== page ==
There are at least 10,000 of them—pastel 3x5 unlined index cards, dense with handwritten bibliographic information and comments, all in the same tidy (if not always easily read) script.
Current Page Path
The access to Beilstein/Gmelin databases via Crossfire Commander client will be terminated on December 31, 2010.
Save the Date!
Michael Flynn's odyssey brings together eclectic group of U-M faculty
By Lynne Raughley
While the University Library has vast collections of research materials on campus, sometimes the stuff you need is not available here. As a UM student, staff or faculty member, you can request that the Library borrow items on your behalf from other academic libraries.
Staff in the Interlibrary Loan (ILL) department quickly locate books or copies of journal articles from other libraries on your behalf, at no cost to you. If you don't find what you need in our collections (by searching the library catalog), simply complete the request form with your citation information. You will be notified when the book, journal article, etc. is ready for your use.
Questions about this service should be directed to 734-764-8584 or firstname.lastname@example.org. If you need help locating complete citations, please feel free to contact the Ask a Librarian service.
DATE: September 16, 2010
UNIVERSITY OF MICHIGAN JOINS THE COMPACT FOR OPEN ACCESS PUBLISHING EQUITY
ANN ARBOR. The University of Michigan announces its participation in the Compact for Open-Access Publishing Equity (COPE). COPE is a consortium of universities that support open-access publishing by subsidizing publication fees for open-access journals. Many leading universities and research centers are members of the compact, including Cornell University, Dartmouth College, Harvard University, Massachusetts Institute of Technology, University of California at Berkeley, University of Ottawa, Columbia University, and the Memorial Sloan-Kettering Cancer Center. At the University of Michigan, the program will be administered and funded by the University Library.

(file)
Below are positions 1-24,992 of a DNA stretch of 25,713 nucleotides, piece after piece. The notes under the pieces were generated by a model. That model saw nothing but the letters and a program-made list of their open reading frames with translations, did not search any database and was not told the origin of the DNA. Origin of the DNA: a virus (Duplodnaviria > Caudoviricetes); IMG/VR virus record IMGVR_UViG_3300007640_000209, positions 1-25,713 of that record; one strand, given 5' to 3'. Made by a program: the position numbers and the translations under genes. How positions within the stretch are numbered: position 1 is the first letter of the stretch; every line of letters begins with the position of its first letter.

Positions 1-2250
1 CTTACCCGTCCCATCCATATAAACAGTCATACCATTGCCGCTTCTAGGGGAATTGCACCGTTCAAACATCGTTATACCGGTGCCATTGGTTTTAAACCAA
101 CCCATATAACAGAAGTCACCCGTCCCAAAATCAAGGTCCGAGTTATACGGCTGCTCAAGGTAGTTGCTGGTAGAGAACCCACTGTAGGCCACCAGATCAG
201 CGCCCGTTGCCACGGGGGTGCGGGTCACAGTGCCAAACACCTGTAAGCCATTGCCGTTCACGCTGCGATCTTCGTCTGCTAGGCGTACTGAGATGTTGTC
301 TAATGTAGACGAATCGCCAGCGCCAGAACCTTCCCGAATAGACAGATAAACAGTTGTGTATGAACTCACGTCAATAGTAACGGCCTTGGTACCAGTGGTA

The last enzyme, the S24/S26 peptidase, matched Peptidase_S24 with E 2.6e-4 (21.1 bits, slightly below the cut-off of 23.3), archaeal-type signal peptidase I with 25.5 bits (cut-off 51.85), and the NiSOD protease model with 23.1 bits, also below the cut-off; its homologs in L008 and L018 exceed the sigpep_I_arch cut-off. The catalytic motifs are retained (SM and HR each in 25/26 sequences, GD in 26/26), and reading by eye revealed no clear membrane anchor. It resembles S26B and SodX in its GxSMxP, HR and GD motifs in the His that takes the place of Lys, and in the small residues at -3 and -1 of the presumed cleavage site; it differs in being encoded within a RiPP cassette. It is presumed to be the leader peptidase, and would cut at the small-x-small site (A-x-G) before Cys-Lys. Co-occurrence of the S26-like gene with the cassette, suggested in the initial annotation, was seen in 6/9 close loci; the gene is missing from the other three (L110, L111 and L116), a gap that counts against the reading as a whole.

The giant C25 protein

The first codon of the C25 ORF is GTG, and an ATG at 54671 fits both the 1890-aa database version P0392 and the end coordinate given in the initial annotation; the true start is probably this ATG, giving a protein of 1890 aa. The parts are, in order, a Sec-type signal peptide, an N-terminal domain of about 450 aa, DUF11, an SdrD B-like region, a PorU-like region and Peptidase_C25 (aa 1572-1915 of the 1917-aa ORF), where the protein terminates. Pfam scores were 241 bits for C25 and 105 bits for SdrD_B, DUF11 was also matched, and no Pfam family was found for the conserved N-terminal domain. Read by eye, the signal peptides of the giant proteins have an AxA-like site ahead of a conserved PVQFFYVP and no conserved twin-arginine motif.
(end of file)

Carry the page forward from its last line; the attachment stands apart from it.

Graduate Student Discovers Arabic Manuscript in al-Maqrizi’s Own Hand
Noah Gardiner, a third-year graduate student in the [Near Eastern Studies] Department’s AAPTIS division, is a member of the team that is re-cataloguing and digitizing our Library’s splendid collection of Islamic manuscripts. (This three-year project, “Collaboration in Cataloging: Islamic Manuscripts at Michigan,” is funded with a grant from the Mellon Foundation, see http://www.lib.umich.edu/collaboration-cataloging-islamic-manuscripts-michigan and http://www.lib.umich.edu/islamic/ .)
Reaxys, the new web interface to access the Beilstein/Gmelin/Chemistry Patent databases, is now available to all University of Michigan students, faculty, and staff. The original access via Crossfire Commander Client will be terminated on December 31, 2010.
Pamela Samuelson, Professor at Berkeley Law School and School of Information, came to the University of Michigan to discuss the Google Book Settlement and its implications for copyright reform. Professor Samuelson said that her talk “explains why certain dysfunctional aspects of U.S. copyright law contributed both to the Google Book Search project and to the settlement of the Authors Guild lawsuit, and why the proposed settlement would achieve some copyright reform, although at a cost that may not be worth paying.” See http://people.ischool.berkeley.edu/~pam/.